More reporting from our Department of Cultural Stereotypes. It's because heyyyyyy, you can't help it, you just notice things, right? When you travel? Meet new "peoples"?

Like for example, you come visit America for the first time....you notice things! Wow, everyone's so polite and friendly all the time, unless they disagree with your politics, or unless you have any kind of opinion about America not being perfect, or unless they're sitting alone at their computer posting violent, misspelled vitriol about things they only barely understand at some vague, inarticulate, primal level of repulsion or attraction! There are TVs everywhere, really loud, all tuned to either CNN or ESPN or something with Guy Fieri in it! And the food, goodness, the food portions are so.....big! The people are so....so....big!

You know what I mean. So, I made some generalizations about France. And ItalyAnd Spain. And now, it's Germany's turn! Well, not really, I only have one and here it is: they sure do like to follow rules!

There was a sign at the entrance to the campground that I saw, but didn't really read, because I don't speak German and sometimes the signs, they just bounce off. This one said something like "Rest Period: 13:00-15:00 and 22:00-07:00".

Great, yes, I'm all for rest. People need rest. We certainly could've used some rest the night in question because we barely slept a fucking wink due to some asshole snoring away like a power saw somewhere nearby.

But I digress. Something that was not explained to us when we checked in was that this signage I almost noticed indicated a mandatory rest period during which no vehicles were supposed to be driven in the campground. So when we got home from Das Sonntag at 11:17pm or something Thursday night, the big metal gate to the campground was closed. "Huh", we said. "Boo."

I got out and looked at the gate, and lo and behold there was a place for a key, I tried the one key I'd been given for the bathroom and showers, and lo and behold it worked. Yay! Why would it work if you weren't supposed to use it? I quietly moved the gate aside, we drove in, I locked it, we parked, we walked to the tent, didn't sleep due to power snoring, etc.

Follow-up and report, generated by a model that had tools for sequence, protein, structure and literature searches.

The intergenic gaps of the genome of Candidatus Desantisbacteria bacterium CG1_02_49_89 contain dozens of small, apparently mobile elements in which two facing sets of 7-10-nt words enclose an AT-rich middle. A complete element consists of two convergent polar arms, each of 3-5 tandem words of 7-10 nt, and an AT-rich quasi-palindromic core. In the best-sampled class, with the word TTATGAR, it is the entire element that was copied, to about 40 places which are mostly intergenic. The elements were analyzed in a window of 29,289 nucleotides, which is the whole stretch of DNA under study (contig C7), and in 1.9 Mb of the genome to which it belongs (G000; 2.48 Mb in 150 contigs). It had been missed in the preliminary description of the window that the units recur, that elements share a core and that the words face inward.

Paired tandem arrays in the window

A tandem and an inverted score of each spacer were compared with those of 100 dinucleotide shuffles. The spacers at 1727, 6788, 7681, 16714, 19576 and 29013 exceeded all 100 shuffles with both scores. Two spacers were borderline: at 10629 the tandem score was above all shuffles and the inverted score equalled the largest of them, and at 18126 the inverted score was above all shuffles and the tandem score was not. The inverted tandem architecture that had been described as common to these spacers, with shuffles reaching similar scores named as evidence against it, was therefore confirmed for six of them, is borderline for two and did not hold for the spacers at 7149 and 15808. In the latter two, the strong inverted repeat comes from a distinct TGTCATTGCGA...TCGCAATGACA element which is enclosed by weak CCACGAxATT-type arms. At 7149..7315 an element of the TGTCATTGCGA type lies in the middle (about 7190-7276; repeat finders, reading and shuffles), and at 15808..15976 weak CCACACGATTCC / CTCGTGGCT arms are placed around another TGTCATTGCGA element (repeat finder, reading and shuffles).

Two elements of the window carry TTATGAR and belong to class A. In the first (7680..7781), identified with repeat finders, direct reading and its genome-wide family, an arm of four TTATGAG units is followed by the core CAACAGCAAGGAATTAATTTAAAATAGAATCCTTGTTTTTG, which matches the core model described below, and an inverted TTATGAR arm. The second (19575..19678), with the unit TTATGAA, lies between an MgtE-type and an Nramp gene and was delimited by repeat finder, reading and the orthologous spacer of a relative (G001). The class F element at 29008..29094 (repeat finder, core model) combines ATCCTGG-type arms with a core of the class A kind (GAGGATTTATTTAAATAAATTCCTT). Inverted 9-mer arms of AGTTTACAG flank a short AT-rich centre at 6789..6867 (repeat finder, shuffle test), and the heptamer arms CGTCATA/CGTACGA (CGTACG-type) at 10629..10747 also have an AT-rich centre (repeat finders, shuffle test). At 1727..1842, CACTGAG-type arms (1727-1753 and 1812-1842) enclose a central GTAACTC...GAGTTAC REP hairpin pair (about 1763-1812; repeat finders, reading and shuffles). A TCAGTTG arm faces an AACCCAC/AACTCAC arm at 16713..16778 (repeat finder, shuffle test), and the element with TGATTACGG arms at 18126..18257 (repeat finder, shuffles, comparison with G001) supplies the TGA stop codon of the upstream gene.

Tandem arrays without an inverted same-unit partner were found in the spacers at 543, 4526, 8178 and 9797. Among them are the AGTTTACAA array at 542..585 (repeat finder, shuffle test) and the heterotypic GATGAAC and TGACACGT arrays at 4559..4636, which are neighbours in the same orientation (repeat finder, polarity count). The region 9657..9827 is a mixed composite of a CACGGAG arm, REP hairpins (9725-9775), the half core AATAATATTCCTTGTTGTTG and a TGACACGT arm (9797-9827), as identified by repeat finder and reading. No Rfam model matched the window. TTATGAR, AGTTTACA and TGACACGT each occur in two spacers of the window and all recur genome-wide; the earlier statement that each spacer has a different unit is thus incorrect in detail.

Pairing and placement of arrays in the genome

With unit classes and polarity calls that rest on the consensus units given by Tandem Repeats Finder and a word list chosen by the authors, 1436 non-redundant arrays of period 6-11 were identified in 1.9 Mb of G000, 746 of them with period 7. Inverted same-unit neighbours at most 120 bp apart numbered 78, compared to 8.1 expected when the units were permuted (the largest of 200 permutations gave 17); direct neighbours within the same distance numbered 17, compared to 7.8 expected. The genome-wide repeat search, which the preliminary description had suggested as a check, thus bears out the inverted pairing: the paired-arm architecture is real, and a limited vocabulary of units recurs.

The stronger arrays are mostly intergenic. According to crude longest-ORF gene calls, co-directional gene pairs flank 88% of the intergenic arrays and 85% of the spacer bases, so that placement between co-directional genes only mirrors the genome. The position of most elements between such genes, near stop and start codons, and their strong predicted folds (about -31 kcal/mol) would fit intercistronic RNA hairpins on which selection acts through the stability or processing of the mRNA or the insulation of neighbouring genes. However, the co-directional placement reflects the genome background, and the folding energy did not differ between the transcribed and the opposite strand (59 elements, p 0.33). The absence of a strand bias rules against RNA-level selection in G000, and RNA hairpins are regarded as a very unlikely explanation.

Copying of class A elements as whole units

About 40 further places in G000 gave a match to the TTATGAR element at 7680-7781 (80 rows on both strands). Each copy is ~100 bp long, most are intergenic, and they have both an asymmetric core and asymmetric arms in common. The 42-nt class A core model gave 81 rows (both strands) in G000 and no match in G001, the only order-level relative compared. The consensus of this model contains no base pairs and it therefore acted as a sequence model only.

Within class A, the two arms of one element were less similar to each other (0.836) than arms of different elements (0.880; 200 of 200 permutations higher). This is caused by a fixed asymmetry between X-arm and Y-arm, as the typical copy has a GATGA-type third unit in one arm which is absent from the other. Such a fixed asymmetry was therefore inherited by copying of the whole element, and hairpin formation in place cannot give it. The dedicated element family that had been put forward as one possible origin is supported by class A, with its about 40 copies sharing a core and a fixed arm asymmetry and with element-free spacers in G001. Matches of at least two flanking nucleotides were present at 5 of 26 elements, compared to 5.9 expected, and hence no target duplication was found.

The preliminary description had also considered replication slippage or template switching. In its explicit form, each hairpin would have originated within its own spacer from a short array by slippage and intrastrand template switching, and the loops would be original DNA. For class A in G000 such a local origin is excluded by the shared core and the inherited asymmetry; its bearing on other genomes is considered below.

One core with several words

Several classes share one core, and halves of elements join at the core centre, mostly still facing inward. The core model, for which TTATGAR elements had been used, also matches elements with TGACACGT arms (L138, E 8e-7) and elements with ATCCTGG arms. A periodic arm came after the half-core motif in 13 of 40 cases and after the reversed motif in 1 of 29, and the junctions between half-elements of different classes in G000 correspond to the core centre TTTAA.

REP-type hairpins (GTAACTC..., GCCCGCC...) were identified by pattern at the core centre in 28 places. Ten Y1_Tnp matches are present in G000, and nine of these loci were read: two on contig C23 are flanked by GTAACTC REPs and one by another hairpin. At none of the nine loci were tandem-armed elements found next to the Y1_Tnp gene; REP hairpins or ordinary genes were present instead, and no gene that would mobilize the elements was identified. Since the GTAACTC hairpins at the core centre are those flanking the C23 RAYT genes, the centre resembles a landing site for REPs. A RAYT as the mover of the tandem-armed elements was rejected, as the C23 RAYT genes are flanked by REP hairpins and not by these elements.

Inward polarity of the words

The next morning when Nelson was brushing her teeth one of the campground managers came up to her and gave her a stern lecture about making noise in the campground after 10pm. "Two people complained!!!" How did anyone have any idea that Nelson was the culprit? This we don't know. Nelson replied to the manager (probably with a mouthful of toothpaste), "Yeah, we didn't know, very sorry!" The manager said, well, don't do it again, and Nelson said, yeah, um, sorry (fuck you), we're going to do it again tonight. We have a dinner reservation at 8pm, so I imagine we won't make it back by 10. "Well then you can't park inside the campground." Stare in disbelief. Snarl. Etc.

I missed all this, I was taking a shower or something. When I saw Nelson again there was literally steam rising off of her and she was flushed scarlet a delicate pink with apoplectic rage. Her last coherent word was,"Germans!!!!" before her eyes rolled back and she slipped into a mumbling semi-catatonia (ed. note: catatonia and mumbling? may want to check on this). Eventually I was able to get her eyes to refocus and she gradually turned unpink and she told me what happened and then it was time to go into town for breakfast and Art.

We ended up at Moma Kafehaus and had a helpfully-portioned cup of coffee and a surprisingly tasty and intereresting piece of healthy "Worpswede" chocolate cake, unfortunately I can't find any more info on this, then went to look for Heinrich Vogeler's house and the museum inside. How hard could it be to find?

Wellllll....we didn't have the Wifi or the Google Maps or the any useful technology, and the town had kept signage to an impressively absolute minimum, hopefully due to aesthetic concerns because that's the only valid reason there could be for making your main tourist attractions so goddamn hard to find, and so we eventually gave up and went to the Tourist Center to find a map.

Nelson parked outside with the engine running while I went inside for maybe 4 minutes, and I returned to find Nelson wild-eyed and pink again.

"Did you see that woman?" she said.
"What woman," I said, looking around.
"That woman on the bike."
"Uhh, no..."
"She just came up to me and told me I couldn't park here."
"But you're not parked here. You're waiting."
"Exactly! That's what I said. I said I'm waiting for my boyfriend, he's just in there."
"And she said, well you can't wait here,"
"But there's nothing happening here."
"I know! And now...there she is! See her? She's taking a picture of that parked car over there."

Indeed, a totally normal-looking older woman (older than me, maybe 55) was on her bike, stopped, taking a picture of the back of a parked car with her phone. Was she the po-po? No visible indications of that. Was she just crazy? Could be.

Orrrrrrrr......was it just the kind of broken-camel-back behavior you see from rule-following locals in a town besieged by rule-breaking tourists.

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